-forcing the parties to perform the terms of the contract
-Courts will award specific performance when:
a) Money damages are not adequate to give expectation
1) goods are unique (land, Van Gogh Painting)
2) Aggrieved party cannot cover
b) Performance itself is does not require too much supervision by the court
c) The terms of the contract must be clear enough so that the court can write a clear decree
d) Court will not force a situation where antagonistic individuals must work together.

C. Nominal Damages
-the Plaintiff who proves a breach of contract but fails to prove damages is traditionally awarded nominal damages ($1)
-such an award may serve as a declaration of the P’s rights, and may also carry an award of court costs

D. Punitive Damages
-punitive or exemplary damages are not granted for breach of contract
-the courts do not want to deter people from making contracts

E. Arbitration of Disputes
-process by which parties voluntarily refer their disputes to a special tribunal (1-3 arbitrators), and can only validly take place if the parties have agreed to use arbitration for the settlement of disputes
-no one is forced to arbitrate
-parties get into arbitration by:
1) Stating in the terms of the contract that if there is a disagreement the parties will go to arbitration
2) or the parties can decide that they rather go into arbitration rather than go to court
-speed, results are received quicker than in courts
-you can get very technically knowledgeable arbitrators, where as in court you will receive may receive a judge who may not have as much technical knowledge
-arbitrators do not use the normal rules of law (ie: rules of evidence)
-arbitrators are not subject to precedent the way courts are
-an arbitrator’s decisions cannot normally be appealed unless the arbitrator was bribed/ did something illegal and you can not start again in the judicial system

other in law gave her land as a gift – no bargained for exchange)
3.      Moral Obligation: Not Consideration – it would not be practical, otherwise every promise would have to be performed
4.      Conditional Gratuitous Promises: Not Consideration
a.      Ex: Kirksey v. Kirksey – brother in law did not benefit by his sister in law moving to his property, he was not seeking something for himself – no bargained for exchange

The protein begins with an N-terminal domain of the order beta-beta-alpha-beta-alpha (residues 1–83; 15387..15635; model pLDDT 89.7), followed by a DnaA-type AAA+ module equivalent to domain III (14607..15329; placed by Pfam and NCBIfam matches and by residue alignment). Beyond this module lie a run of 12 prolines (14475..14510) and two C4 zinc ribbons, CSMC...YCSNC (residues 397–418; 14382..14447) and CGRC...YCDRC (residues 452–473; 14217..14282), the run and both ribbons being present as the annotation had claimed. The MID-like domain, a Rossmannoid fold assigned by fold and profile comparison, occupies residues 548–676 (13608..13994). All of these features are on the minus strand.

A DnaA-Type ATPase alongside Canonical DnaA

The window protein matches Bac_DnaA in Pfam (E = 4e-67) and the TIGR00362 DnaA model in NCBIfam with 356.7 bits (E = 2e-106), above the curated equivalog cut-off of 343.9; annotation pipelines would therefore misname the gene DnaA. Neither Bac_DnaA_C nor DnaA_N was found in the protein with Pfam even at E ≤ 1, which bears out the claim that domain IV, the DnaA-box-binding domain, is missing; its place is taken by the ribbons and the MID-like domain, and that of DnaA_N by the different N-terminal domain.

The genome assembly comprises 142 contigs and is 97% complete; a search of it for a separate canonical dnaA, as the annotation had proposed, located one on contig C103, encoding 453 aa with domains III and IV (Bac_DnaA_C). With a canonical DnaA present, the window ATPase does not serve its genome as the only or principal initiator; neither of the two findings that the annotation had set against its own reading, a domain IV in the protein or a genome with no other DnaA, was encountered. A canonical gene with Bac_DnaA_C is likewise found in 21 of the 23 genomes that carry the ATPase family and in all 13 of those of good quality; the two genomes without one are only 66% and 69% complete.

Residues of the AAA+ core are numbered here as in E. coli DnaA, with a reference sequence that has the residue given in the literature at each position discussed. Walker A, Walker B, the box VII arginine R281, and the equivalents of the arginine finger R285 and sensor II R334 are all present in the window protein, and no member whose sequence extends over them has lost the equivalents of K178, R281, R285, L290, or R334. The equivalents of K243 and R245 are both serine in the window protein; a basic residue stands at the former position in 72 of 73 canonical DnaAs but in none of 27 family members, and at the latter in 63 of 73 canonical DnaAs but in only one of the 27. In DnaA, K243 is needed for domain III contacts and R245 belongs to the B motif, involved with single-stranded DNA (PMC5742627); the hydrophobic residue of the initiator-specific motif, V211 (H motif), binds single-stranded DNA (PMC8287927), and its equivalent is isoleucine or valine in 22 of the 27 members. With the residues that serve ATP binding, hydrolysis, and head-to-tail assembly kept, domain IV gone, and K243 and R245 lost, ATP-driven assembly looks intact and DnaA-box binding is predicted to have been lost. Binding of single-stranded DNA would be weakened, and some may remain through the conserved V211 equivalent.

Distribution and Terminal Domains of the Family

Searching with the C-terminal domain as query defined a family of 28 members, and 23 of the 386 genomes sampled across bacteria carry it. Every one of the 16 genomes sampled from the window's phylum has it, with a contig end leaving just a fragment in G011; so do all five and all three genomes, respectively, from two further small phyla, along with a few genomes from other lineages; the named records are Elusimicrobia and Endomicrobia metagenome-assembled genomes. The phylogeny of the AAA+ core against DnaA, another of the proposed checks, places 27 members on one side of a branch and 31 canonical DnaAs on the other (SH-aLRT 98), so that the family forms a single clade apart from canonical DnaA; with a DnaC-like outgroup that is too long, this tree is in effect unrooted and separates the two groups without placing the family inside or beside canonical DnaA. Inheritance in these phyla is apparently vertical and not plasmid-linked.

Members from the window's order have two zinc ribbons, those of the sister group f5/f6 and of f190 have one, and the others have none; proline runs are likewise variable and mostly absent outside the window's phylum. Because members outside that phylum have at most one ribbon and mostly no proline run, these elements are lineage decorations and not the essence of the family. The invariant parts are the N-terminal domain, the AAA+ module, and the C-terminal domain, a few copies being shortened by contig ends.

b.      Hypo: You see a homeless person and you want to give them a gift of clothing and you tell him to meet you at Macy’s to get their size and the homeless person goes all the way to Macy’s and waits, but you can’t make it so the homeless person sues; this is a gift based on a condition – there is no bargained for exchange, you receive nothing back
5.      Illusory Promises: a statement that reserves full discretion in the promisor whether to perform the promise or not, lack of mutuality of obligation
a.      -there is no consideration for this b/c there is really no promise
b.      Performance can not be illusory – only promises can be illusory
i.      Ex: I will buy your house for $500,000, if I feel like it.  
–buyer has all of the discretion
Ex: I promise to buy your house for $500,000 if I win the NY lottery. – there is a limitation of discretion b/c the buyer cannot control the lottery – NO ILLUSORY PROMISE
ii.      Ex: Strong v. Sheffield – woman who promised to pay her husband’s debt and the creditor (her uncle) said that he would refrain from collecting until he wants to be paid back -this an illusory promise b/c it gives all the discretion to the uncle. If she had asked for performance then there would be no issue b/c you can’t have an illusory performance.
c.       The moment discretion is limited in any way, the promise is no longer illusory.

Four Contracts that appear illusory, however

1)      Satisfaction Clauses: These DO NOT make contracts illusory.
a.      Mattei v. Hopper (The purchaser would go through with the contract subject to the real estate company obtaining leases satisfactory to the purchaser.)
b.      Satisfaction clauses are not illusory and they fall into 2 categories which have standards that provide limitations on discretion.
c.       2 categories of satisfaction clauses:
i.      Commercial Subject Matter: reasonable person standard (objective standard)
1.      The dissatisfaction has to be a reasonable dissatisfaction. (this is the discretionary limit)
ii.      Artistic Subject Matter/Personal taste: good faith standard (subjective standard)
1.      Honestly satisfied or dissatisfied – much harder to prove
2)      Requirements/Outputs: